''It seems overwhelming, when I think of all the work to be done,'' he said from his cellphone a few days ago while driving to Gainesville. ``These are the times when we learn the difference between wants and needs. We lost everything, but not our spirit.''
The same traits that distinguished Wuerffel as a Heisman Trophy winner at the University of Florida are serving him now. In the middle of turmoil, he is a calm leader.
''Nothing hardly ever rattles Danny Wuerffel,'' said his former coach, Steve Spurrier, during a conference call last week from South Carolina. ``He has such a sincere belief in God that things will work out.''
But Wuerffel admits he has wept often since the hurricane uprooted half a million people. Sometimes he cries at 3 a.m., when he can't sleep. ''I picture how people suffered, how they died, the fear and the chaos, and it makes me very sad,'' he said.
Sometimes he cries when he's on the phone and can't get the answers he seeks. Sometimes when he visits churches or shelters and can't comfort the homeless. Sometimes when he's in his car and can't get his mind off the lost boys. Heath was an eighth grader at the academy, a sweet, undaunted kid. Wuerffel paid for his scholarship.
''We've had no word on Heath,'' said Wuerffel, who has located about 60 percent of the 192 boys enrolled in the academy. ``My heart will be broken if we don't find him.''
Wuerffel's house was flooded to the ceiling. A friend paddled by it in a boat five days ago and reported that the water had receded to five feet. Wuerffel lived a block from the 17th Street Canal levee that was breached. He and wife Jessica, 21-month-old son Jonah and their dog Chester fled in their car with only a few changes of clothes, some pictures, a video camera, vital documents, two pillows and a Bible. They rode out the storm in Natchez, Miss., and are now staying at his parents' home in Destin.
His alma mater has lent a hand. The university donated $50,000 from TV proceeds of the Gators' first football game, and is allowing Wuerffel to use a camping area on university land near Niceville for the academy. Wuerffel hopes to round up as many students as possible and resume school next week. With any luck, they could put together a football team. They were a week away from beginning their first high school season in New Orleans on Aug. 29 when the storm hit.
At the moment there are no textbooks, let alone uniforms, but, as always, Wuerffel sees the silver lining. The boys will be under the ministry's supervision 24 hours a day whereas back home they were often returning to unstable households and the temptations of drug dealers.
Wuerffel's faith has been tested. But he clings to hope the way his neighbors clung to their chimneys.
''On the one hand there's a sense of loss, but also an unexplainable confidence because people are experiencing the love of others in incredible ways,'' he said. ``Ultimately, God is doing something good. My sorrow, my joy -- all the emotions have done nothing but draw me closer to God.''
Wuerffel, 31, chose the road less taken.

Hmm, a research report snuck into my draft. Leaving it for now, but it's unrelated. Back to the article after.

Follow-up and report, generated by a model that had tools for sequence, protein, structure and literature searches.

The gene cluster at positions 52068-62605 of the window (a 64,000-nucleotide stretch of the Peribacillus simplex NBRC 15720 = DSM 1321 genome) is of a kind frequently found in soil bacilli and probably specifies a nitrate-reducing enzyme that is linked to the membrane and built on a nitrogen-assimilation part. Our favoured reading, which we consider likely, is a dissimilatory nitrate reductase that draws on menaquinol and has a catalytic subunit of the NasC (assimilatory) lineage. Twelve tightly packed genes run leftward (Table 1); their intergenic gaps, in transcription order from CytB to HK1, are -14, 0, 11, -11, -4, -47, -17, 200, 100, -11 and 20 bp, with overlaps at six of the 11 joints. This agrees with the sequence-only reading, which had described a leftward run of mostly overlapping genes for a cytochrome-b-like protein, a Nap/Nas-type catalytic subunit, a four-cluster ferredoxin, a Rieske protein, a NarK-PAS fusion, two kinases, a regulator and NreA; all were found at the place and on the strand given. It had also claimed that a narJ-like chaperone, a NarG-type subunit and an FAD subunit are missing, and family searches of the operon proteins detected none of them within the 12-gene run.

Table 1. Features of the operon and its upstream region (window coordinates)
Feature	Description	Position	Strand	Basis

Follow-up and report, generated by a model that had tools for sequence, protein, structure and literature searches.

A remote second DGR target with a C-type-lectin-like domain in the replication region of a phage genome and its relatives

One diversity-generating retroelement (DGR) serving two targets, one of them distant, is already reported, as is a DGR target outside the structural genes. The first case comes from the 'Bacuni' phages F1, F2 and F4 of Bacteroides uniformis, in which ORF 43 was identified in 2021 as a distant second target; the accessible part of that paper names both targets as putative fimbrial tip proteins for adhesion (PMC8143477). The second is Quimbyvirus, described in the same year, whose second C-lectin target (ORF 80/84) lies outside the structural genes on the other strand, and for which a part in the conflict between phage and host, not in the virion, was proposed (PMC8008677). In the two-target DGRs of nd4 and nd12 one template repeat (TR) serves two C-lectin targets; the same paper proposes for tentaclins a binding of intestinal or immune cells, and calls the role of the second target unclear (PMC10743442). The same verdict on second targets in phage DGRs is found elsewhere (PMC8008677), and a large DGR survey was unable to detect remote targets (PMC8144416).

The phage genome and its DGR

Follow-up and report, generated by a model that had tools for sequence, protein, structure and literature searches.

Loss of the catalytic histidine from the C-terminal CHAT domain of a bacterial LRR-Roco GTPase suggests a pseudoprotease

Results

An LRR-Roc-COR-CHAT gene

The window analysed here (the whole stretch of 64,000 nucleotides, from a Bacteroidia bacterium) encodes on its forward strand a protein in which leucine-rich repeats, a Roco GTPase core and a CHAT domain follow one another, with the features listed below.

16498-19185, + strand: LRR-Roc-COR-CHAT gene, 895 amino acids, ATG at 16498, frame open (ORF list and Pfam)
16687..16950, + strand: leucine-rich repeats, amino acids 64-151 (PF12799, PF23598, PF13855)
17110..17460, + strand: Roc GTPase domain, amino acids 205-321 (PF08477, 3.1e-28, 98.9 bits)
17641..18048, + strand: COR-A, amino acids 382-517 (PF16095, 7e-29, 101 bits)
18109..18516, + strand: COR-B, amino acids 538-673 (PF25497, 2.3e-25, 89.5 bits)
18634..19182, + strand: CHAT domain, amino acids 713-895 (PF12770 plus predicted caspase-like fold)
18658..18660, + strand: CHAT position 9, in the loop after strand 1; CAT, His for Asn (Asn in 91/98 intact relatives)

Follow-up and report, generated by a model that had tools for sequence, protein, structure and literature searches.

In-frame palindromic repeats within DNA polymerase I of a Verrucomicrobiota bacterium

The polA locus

He seemed too sensitive for the brutal game of football. Whenever the Gators scored and everyone else went berserk, Wuerffel clasped his hands in prayer and glanced heavenward with a beatific smile. He was nicknamed Danny Wonderful.
His greatest glory as a player occurred in the Superdome, in the 1997 Sugar Bowl, when he led the Gators to the school's only national title in a 52-20 rout of Florida State.
But he found his greatest fulfillment in a different part of New Orleans -- the forgotten and forsaken part.
Wuerffel first heard about pastor Mo Leverett's church when he was a rookie backup for the NFL's Saints. One day he went to have a look at the Ninth Ward neighborhood. He figured the dilapidated apartment buildings were condemned and vacant. Then he saw a little girl carrying a doll walk out a front door.
''I realized people were actually living there and it shocked me,'' he said of the project.
Two years ago he left behind a life of plenty and privilege as a pro athlete and immersed himself in the impoverished community. He and Jessica, a former social worker, have seen the ministry grow. Desire Street built the school, a gym and a pediatric clinic.
All are underwater now.
The people who had the least were punished the most. Kids who had one parent have none to take care of them. Small businessmen who struggled to break even are wiped out.
While most of America gaped in horror at the scenes of desperation on rooftops and degradation in the Superdome, Wuerffel was not surprised.
''Our families deal with neglect and violence and hunger year-round, but it doesn't make the news,'' he said. ``We have a serious problem in the inner cities of our country. It can't be quarantined. It spills outward. This time everyone could see it on national TV.''
In the aftermath, at the juncture of blame and emptiness, Wuerffel sees hope. Where others saw blight, he saw a little girl carrying a doll. Her imagination had not been crushed. Neither has his.
''Katrina actually means cleansing,'' he said. ``We can do greater good than ever before. We can make this place better than it ever was. Katrina can be a catalyst for compassion and change.''
As the floodwaters recede, Wuerffel acknowledges he's up against a society in which most Americans will turn their attention back to celebrity gossip and Monday Night Football.
Wuerffel isn't giving up. If there's one thing engrained in him from those years in the huddle, it is how to come from behind.
For information on how to help, check http://www.desirestreet.org/.